Category: Caring Times
Councils and care providers are being encouraged to adopt a new statement which sets out best practice in receiving and dealing with comments, complaints and feedback about their services.]
Launched this week by the Local Government and Social Care Ombudsman and Healthwatch England, the ‘single complaints statement’ has been drafted to help adult social care providers set out what service users, their families and representatives can expect when making a complaint.
Alongside the complaints statement, a second document has been launched, aimed at service users to help them better understand the complaints process. An accessible ‘EasyRead’ version is also available.
Local Government and Social Care Ombudsman Michael King said he wanted to encourage all service providers – whether independent or council run – to adopt the single complaints statements into their own complaints policies, and highlight them in any information they give to … Read More »
On Friday 13th July, five of the Countrywide team took on the Yorkshire Three Peaks Challenge to raise money for their chosen charity; The Care Workers Charity.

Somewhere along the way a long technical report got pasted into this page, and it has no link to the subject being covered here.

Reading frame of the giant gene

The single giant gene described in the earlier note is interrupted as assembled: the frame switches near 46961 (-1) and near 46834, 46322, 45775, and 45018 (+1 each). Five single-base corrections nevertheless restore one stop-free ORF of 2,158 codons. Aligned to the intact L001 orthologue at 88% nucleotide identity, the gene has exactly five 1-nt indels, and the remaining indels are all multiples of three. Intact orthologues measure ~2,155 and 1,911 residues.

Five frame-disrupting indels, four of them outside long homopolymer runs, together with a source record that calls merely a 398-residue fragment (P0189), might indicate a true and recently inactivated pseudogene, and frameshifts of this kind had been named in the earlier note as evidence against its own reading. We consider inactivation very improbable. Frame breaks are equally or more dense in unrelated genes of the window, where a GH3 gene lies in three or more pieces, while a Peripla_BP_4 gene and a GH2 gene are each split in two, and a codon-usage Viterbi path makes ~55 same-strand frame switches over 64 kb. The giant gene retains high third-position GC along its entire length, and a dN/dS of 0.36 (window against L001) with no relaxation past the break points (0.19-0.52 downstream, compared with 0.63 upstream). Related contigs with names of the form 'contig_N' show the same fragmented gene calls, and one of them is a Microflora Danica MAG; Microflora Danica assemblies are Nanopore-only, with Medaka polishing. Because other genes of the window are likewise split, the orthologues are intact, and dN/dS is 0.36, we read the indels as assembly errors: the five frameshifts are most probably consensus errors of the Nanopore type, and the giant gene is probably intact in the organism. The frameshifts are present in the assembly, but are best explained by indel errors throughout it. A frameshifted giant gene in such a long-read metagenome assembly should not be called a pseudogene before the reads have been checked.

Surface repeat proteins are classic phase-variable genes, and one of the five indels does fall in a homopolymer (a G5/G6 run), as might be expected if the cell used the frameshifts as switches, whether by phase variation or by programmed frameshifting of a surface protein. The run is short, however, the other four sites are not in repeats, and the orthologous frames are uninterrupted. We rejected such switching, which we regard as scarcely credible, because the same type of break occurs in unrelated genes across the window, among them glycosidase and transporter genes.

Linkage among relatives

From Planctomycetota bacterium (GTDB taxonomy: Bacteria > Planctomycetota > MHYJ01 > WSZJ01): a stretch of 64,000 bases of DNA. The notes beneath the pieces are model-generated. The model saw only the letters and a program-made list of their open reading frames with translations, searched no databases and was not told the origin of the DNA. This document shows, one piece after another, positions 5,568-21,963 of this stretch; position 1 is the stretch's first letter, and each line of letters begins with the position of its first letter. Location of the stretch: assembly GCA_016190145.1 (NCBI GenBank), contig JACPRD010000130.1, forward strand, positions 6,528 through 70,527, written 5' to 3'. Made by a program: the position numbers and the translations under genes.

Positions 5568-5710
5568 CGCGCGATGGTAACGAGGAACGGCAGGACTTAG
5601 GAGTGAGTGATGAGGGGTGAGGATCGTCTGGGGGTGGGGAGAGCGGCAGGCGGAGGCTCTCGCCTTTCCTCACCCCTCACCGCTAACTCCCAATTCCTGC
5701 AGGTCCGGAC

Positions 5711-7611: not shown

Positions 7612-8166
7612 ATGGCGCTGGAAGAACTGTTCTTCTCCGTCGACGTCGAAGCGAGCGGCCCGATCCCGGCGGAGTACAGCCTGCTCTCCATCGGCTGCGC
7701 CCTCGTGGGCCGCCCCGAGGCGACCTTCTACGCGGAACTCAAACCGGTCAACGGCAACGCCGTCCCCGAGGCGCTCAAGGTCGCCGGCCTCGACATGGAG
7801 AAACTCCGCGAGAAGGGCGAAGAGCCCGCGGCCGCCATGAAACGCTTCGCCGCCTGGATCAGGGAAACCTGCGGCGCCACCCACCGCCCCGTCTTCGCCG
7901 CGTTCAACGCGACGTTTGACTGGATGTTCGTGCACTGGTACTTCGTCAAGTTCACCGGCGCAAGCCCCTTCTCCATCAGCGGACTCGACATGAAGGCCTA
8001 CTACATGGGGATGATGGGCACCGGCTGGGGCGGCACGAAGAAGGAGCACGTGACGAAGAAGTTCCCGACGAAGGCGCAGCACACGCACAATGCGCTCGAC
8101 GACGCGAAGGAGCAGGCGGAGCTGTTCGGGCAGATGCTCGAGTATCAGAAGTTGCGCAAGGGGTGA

The charity raises funds to support care workers in financial hardship. As one of their dedicated sponsors, Countrywide Healthcare relished the opportunity to take on such a difficult challenge to help raise money and awareness for their cause.
The Yorkshire Three Peaks Challenge which includes Ingleborough, Pen-y-Ghent and Whernside is 24 miles and 5,200ft of ascent, which is no easy task. The British weather made things even more difficult as it rained for the duration of the challenge. From misty peak to peak, the views over the Yorkshire Dales were still spectacular. With the support of each other and fellow walkers, the team made it to the finish line. Overall, the event has so far … Read More »
A family business which owns and operates five care homes across the East Midlands has released figures
supporting a recent report commissioned by Skills for Care and Development about care homes’ contribution to local economies.
The report showed that adult social care employers contribute £46.2bn to the UK economy. For the 2017/18 financial year, Milford Care contributed just over £5m in total gross payroll costs for all their homes.
Milford Care has five care homes across Derbyshire and Nottinghamshire, with a sixth set to open later this year, further highlighting the success of the sector and providing even more job opportunities in the area.
“The care sector does a lot for our economy and it is positive news that this is being recognised.” said Milford Care director Pierre Falleth.
“These positive stories are important as there are too many negative stories out there. As a … Read More »
Court of Appeal tells care providers that ‘sleep-in’ shifts are not subject to the National Minimum Wage
Last week, the Court of Appeal delivered specialist care providers a life line, saying that they do not have to pay staff the National Minimum Wage when working ‘sleep-in’ shifts.